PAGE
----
I'm still recording dozens of vital statistics like alcohol, coffee, and media consumption, geographical location, sleep habits, and some others that are no one else's business, really. For the sake of time, I'm only visualizing one of them. The graph of my coffee consumption tells an interesting story about my 2012, the year my body decided it hated caffeine:
I spend about a minute each day recording statistics on my phone and an hour each month transcribing them to Excel. That takes time. But your devices are collecting a lot of those data passively all the time. If you'd like the excuse to learn data visualization and pivot tables in Excel, here's your assignment:
Log into your wireless carrier's web page and download your voice and messaging data for as long as you want but at least the last two years. Then prepare the data in Excel, getting your columns uniform and labeled. Then figure out the top five people you've a) called or b) messaged over those years. Do they change? For extra credit, are the people you call most and message most the same people? If not, what accounts for the disparity?
Leave your work in a comment once you're done. We're looking forward to it.
I record the same quantity of data as I have in years past but I have less and less time to do anything with it. So I'm pulling out just one statistic that interested me and giving it the six-year, longitudinal treatment:
I don't know what to make of that graph at all but it ties a nice, accurate bow around my last year.
Specs.Hardware: Mac Pro / 2.66GHz Quad-Core / 8GB ¶ Software: Excel 2004, Photoshop CS4, After Effects CS4, Final Cut Pro 7.
Workflow. I sketched an outline on paper, then ordered it in Google Docs and turned that into sixty Photoshop compositions. That took about two weeks. Then I sequenced those compositions into a slideshow of still images and synced them in Final Cut Pro to a Creative Commons track. After Effects doesn't play nicely with music so I spent the next two weeks working deaf, working exclusively off the timecodes from Final Cut Pro. (ie "Okay, the pie graph needs to finish its rotation at 2:41:20.") The first day I saw it with music was January 31, the same day I posted it.
Music. I'm not saying I did anything fantastic to the music track, but I did have to sync the slides to the rhythm, making adjustments for longer segments (any of the "top five + other" bar graphs, the travel maps), cutting and blending the song so it complemented the content of the video. I am saying that Animoto won't do this automatically. iMovie won't do this automatically. And teachers consistently overrepresent the capability of those tools.
Data Sources. I maintained active records in Google Tasks before transferring them to an Excel sheet biweekly which I backed up fastidiously over the course of the year. Perish the possibility I might lose it. ¶ I collected all music records passively through last.fm, which became significantly more accurate after I outfitted my car with a 30-pin iPhone cable and began tracking car audio. ¶ I also collected my mobile phone statistics passively through AT&T's online billing system, which kindly exports data to Excel.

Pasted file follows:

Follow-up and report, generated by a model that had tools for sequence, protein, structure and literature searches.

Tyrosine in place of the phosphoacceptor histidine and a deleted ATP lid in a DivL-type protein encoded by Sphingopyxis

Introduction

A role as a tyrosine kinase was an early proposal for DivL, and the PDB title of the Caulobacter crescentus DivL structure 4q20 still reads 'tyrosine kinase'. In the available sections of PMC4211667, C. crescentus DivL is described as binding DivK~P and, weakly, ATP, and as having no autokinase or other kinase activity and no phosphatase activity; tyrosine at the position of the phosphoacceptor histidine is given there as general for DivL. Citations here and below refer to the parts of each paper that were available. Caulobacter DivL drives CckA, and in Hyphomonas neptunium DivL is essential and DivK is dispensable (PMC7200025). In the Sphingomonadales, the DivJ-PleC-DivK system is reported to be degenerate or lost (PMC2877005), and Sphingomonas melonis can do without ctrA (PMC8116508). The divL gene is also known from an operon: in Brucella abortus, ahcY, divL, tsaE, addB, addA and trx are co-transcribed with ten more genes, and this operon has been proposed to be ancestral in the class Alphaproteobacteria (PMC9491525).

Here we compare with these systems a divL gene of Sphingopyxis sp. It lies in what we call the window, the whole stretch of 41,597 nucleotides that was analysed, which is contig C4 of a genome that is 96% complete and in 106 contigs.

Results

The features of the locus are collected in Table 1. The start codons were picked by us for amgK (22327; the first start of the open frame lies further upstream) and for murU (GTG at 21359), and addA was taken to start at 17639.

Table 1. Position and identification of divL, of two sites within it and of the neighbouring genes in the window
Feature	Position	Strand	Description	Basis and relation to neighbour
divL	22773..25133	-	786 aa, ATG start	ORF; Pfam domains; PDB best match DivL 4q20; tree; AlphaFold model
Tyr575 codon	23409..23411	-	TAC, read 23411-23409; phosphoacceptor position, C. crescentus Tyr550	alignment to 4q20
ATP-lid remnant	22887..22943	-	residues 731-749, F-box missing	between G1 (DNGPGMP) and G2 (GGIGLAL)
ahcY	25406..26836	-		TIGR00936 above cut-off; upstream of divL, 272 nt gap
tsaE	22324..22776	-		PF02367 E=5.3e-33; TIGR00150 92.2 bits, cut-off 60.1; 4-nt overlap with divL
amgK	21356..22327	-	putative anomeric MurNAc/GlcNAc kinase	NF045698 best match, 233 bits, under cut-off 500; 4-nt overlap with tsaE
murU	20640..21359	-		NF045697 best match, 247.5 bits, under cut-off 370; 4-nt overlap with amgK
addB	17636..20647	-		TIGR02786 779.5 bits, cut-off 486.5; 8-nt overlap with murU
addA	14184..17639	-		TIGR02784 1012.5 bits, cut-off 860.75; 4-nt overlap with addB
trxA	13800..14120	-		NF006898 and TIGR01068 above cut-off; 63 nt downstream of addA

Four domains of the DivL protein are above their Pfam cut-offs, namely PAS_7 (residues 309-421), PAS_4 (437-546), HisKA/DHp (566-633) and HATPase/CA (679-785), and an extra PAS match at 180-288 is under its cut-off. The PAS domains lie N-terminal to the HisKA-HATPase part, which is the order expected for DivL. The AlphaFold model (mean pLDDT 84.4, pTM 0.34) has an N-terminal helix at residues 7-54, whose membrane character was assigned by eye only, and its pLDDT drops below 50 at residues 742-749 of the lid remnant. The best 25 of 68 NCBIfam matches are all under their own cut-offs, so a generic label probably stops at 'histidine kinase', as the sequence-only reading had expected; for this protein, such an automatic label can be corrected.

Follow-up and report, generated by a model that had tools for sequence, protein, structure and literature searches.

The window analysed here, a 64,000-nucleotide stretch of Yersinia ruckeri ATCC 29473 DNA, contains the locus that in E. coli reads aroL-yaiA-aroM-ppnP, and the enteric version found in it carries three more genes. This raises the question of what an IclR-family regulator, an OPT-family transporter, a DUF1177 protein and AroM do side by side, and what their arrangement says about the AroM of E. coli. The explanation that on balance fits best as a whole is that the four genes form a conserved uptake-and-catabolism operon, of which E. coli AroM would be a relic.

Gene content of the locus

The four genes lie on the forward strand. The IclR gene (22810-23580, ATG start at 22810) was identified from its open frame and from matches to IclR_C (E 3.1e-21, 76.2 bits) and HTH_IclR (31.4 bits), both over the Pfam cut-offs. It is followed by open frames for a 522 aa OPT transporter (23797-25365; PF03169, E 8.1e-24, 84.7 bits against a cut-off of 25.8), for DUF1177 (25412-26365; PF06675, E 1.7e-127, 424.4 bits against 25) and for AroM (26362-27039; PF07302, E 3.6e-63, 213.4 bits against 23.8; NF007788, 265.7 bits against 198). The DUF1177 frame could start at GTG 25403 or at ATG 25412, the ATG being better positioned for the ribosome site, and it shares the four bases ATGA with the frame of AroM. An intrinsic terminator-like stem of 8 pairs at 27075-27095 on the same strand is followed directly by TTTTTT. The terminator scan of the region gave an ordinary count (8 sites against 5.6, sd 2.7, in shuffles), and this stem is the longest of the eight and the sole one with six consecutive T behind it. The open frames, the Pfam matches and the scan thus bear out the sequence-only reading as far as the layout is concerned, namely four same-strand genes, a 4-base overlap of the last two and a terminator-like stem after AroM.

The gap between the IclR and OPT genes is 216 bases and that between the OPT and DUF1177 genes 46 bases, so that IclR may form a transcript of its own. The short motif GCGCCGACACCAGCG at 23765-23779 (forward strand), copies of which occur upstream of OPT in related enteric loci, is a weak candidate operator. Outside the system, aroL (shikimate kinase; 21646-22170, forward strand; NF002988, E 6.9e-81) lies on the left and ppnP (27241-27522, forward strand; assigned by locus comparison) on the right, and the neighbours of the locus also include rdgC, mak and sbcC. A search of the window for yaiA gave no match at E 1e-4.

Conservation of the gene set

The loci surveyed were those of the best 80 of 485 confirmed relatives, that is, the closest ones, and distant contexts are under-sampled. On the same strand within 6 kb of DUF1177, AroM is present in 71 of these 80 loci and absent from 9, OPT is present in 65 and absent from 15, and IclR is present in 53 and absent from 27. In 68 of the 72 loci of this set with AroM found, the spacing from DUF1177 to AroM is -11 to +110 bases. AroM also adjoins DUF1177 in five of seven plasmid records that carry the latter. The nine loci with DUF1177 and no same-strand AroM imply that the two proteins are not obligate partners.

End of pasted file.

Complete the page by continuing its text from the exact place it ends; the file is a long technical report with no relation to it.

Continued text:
I don't see any of my students buying this pitch but here it is anyway: I would have had to release this video somewhere in April if I didn't have a working knowledge of a) the degree measure of angles, b) proportions, c) percents, d) coordinates, e) 3D space, f) modular arithmetic, and g) linear interpolation. I even calculated an integral.
Here's just one example. You noticed the little animated counters running all throughout the project? Problem: you want the counter to read "0″ at 773 frames into the composition and "44651″ at 795 frames:
Solution: a linear equation!
Guilt. I watched a continuous 20 days and 23 hours of television and movies. I could slap qualifiers all over that statistic but you're still talking about nearly a month spent proximate to a flickering light.
Battlestar Galactica. Not worth it.
Guilt II. 18 gallons sounds like kind of a lot of beer when you put it that way.
Margin of Error. I'll put the average margin of error for the project somewhere below 1%. And I'll wager the sleep statistics are the worst. I had to remember to take a screenshot of my iPhone's clock wallpaper twice a day at the two times of the day that I was the least likely to remember to take a screenshot of my iPhone's clock wallpaper.
2.5 Minutes. I'm really happy with the length of the piece. That's, like, 2.4 days per second!
Editing. For every statistic I included there were two I cut. There were albums and songs; incoming calls, outgoing calls, outgoing messages, fastest rising message recipients as well as fastest falling; places where I drank beer, number of people with whom I drank beer; repeat vs. first time movie viewings, number of people with whom I watched movies; plus a host of Twitter statistics and a Wordle visualization of my 2009 text message content which were, predictably, pretty dull. ¶ The most poignant graph that I cut for length was this one, which features both my father's cancer diagnosis and, relatedly, the fact that I drove the length of the US in one month without leaving California.
What a strange project.